Background Fatigue is one of the most frequent complications in dialyzed patients and is associated with poorer patient outcomes. Multiple factors are reported to be associated with fatigue development. Of them, the impacts of dialysis modalities remain unknown. Methods A total of 194 dialysis patients (mean age, 61±11 years; 134 males; modalities included hemodialysis (HD) in 26, online hemodiafiltration (HDF) in 74, peritoneal dialysis (PD) in 68, and combined therapy with PD and HD in 26 cases) were recruited for this cross-sectional study. Fatigue was assessed using the Profile of Mood States (POMS), a Visual Analogue Scale (VAS), and our original scale of fatigue, and depression was assessed by the Beck Depression Inventory-second edition (BDI-II). Our original scale of fatigue was administered both on dialysis and dialysis-free days to patients on HD and online HDF. Results The scores of the POMS, VAS, and our original scale were weakly but significantly inter-related (rho = 0.58, P<0.01; rho = 0.47, P<0.01, and rho = 0.42, P<0.01 between POMS and VAS, POMS and our original scale for fatigue, and VAS and our original scale for fatigue, respectively). The scores of these 3 tests showed no significant differences among the 4 modalities. On multivariate analysis, age, body mass index, creatinine, and employment status were associated with the presence or severity of fatigue, whereas dialysis modality was not. A similar result was obtained in 122 patients without depression. The prevalence of fatigue by our original scale was significantly lower on dialysis-free days than on dialysis days in patients on HD and online HDF. Conclusions The results suggest that there is no significant association between different dialysis modalities including HD, online HDF, PD and combined therapy with PD and HD and the prevalence or severity of fatigue.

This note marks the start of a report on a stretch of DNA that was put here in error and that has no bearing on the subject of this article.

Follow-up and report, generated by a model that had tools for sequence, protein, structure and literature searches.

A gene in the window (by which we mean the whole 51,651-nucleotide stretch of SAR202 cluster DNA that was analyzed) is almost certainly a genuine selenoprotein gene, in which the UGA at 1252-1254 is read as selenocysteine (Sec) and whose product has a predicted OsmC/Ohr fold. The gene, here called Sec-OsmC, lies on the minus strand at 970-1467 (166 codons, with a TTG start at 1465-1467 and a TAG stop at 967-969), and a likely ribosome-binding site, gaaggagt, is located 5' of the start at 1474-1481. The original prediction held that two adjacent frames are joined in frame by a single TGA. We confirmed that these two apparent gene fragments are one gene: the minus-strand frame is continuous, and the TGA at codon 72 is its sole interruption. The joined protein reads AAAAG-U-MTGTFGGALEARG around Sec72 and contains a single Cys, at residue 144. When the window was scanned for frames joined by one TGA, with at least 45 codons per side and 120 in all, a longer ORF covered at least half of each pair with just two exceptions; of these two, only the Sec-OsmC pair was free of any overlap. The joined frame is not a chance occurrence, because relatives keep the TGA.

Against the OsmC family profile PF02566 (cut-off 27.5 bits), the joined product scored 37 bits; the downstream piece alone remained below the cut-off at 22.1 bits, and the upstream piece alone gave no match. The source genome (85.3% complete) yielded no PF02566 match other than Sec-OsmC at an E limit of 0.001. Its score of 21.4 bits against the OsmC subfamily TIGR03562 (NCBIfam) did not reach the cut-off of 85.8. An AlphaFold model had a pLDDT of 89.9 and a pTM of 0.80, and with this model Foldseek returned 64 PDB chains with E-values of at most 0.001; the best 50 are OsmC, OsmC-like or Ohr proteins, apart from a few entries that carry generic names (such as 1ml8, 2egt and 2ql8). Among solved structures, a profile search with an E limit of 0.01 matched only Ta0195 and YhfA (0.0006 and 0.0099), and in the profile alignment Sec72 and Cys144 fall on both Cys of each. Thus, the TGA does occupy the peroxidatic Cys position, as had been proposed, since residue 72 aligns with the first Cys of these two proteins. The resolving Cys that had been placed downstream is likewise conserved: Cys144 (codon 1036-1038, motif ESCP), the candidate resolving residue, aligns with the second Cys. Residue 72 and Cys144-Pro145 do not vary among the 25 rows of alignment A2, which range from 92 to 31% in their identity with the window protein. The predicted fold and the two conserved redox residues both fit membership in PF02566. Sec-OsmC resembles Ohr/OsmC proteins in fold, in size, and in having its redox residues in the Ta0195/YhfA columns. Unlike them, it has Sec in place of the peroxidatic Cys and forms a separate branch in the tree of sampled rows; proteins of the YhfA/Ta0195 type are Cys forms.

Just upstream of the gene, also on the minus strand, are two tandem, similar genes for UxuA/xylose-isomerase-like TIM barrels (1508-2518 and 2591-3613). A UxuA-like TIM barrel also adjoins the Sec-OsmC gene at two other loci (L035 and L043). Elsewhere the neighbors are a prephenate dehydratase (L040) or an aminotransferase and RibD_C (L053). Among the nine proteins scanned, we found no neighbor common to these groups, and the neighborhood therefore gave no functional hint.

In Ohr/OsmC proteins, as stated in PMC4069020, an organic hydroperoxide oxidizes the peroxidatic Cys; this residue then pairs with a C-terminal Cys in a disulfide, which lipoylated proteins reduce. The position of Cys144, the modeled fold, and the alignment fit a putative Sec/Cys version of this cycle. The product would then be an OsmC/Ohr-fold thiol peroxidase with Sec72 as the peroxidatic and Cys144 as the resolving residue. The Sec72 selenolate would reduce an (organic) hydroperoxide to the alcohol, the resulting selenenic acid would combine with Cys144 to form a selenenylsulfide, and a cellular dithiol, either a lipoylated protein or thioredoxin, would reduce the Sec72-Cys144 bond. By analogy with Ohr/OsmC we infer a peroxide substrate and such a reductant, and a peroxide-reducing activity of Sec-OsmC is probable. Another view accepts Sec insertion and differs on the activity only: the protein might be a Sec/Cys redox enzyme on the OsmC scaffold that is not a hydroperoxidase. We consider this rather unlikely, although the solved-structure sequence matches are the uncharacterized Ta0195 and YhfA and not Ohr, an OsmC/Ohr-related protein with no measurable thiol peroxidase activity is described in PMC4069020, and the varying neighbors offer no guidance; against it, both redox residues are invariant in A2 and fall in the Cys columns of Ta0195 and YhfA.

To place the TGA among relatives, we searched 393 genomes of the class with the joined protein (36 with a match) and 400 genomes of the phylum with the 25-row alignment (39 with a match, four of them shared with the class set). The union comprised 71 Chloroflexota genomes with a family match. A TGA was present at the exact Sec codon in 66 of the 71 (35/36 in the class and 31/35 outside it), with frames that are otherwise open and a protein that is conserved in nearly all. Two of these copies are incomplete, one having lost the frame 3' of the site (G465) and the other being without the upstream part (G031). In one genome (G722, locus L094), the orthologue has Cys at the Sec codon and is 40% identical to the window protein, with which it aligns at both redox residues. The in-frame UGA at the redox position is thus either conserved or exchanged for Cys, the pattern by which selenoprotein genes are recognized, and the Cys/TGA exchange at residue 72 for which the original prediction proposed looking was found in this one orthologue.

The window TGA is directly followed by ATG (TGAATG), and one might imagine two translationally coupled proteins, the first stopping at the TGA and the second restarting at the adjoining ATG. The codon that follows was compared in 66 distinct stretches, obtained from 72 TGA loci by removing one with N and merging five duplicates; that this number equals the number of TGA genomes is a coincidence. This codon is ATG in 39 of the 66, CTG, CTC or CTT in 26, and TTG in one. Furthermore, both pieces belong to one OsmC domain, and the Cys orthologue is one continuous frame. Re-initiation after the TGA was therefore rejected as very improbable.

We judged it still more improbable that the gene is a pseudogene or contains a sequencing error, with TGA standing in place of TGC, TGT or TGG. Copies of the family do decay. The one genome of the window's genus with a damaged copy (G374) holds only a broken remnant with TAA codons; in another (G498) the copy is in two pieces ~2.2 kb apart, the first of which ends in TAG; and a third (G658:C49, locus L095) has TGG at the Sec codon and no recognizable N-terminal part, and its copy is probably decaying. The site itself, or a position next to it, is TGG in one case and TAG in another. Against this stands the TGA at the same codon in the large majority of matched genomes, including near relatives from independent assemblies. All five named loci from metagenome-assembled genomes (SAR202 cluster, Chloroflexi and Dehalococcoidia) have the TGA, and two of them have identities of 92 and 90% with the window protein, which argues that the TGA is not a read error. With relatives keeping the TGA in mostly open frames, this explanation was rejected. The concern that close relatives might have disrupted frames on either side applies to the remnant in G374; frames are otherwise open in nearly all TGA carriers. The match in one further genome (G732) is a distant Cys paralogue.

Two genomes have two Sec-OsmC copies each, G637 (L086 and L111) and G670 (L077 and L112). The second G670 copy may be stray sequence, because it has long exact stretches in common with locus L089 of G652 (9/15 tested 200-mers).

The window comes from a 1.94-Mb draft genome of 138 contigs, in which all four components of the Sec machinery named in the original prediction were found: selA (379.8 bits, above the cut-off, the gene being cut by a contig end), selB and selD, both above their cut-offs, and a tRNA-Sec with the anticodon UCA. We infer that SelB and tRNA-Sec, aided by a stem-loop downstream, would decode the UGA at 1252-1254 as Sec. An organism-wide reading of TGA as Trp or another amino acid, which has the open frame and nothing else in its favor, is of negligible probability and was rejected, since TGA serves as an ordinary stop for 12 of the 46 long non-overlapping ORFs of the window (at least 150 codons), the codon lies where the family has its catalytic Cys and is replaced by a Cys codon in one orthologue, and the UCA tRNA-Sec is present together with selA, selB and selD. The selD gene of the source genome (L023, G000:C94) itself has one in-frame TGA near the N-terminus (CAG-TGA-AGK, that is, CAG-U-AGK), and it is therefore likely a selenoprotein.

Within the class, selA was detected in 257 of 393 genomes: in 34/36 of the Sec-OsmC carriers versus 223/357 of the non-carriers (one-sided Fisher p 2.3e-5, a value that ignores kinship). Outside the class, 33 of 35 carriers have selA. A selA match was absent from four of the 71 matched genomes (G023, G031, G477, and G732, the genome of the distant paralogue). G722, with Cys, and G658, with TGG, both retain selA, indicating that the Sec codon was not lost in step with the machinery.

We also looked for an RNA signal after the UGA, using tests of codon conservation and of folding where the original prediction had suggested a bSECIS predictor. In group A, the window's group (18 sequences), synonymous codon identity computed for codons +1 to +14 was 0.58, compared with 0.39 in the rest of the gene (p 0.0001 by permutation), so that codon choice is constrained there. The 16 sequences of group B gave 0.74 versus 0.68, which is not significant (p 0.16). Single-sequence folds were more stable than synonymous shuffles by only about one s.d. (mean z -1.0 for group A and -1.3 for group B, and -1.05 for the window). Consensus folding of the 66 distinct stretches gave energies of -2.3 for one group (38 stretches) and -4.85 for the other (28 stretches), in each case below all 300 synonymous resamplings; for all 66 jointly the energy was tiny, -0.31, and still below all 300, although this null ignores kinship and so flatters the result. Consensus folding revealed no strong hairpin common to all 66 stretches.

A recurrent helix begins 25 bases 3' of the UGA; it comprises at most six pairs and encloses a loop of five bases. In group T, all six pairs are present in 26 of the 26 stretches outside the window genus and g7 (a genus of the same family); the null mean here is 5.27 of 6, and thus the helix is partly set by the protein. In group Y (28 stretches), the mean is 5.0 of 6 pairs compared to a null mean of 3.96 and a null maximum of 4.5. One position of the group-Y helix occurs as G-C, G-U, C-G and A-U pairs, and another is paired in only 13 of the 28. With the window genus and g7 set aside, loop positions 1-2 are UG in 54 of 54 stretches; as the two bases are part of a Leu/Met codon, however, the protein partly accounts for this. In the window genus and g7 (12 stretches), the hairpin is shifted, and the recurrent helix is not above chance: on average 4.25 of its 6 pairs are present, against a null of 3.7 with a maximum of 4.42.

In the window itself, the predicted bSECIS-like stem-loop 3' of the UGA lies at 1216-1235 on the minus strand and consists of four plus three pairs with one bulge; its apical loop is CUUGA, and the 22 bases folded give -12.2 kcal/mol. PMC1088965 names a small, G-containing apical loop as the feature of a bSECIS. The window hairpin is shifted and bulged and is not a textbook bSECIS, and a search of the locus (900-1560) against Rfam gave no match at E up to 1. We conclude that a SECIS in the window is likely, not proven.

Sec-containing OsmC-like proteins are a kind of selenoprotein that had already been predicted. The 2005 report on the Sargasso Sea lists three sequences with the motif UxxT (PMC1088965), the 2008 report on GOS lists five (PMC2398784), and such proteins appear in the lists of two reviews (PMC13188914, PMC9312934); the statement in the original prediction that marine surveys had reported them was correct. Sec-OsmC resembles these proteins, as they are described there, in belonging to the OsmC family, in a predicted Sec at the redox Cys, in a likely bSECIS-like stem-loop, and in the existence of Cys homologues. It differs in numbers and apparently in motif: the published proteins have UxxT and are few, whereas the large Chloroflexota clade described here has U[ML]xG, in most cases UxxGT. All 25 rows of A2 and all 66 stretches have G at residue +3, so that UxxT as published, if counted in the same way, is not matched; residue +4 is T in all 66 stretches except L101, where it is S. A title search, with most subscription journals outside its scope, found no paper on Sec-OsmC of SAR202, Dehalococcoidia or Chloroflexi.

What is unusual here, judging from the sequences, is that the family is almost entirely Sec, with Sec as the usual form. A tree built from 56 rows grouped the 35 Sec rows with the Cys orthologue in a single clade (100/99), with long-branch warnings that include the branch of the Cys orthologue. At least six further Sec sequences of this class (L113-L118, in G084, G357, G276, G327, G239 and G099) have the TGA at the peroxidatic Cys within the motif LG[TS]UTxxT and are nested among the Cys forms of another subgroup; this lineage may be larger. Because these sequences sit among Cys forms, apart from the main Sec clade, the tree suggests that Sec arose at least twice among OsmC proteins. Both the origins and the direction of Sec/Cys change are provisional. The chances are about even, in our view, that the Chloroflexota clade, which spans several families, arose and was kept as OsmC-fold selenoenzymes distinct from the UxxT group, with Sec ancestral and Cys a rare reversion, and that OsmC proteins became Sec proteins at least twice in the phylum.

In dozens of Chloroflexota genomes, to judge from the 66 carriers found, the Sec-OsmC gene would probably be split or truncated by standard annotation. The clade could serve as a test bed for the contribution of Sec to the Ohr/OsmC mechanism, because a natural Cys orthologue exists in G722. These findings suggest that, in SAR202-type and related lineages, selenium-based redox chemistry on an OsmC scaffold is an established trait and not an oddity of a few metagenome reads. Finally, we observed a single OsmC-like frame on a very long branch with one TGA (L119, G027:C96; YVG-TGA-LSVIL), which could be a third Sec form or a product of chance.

ASJC Scopus subject areas
- Biochemistry, Genetics and Molecular Biology(all)
- Agricultural and Biological Sciences(all)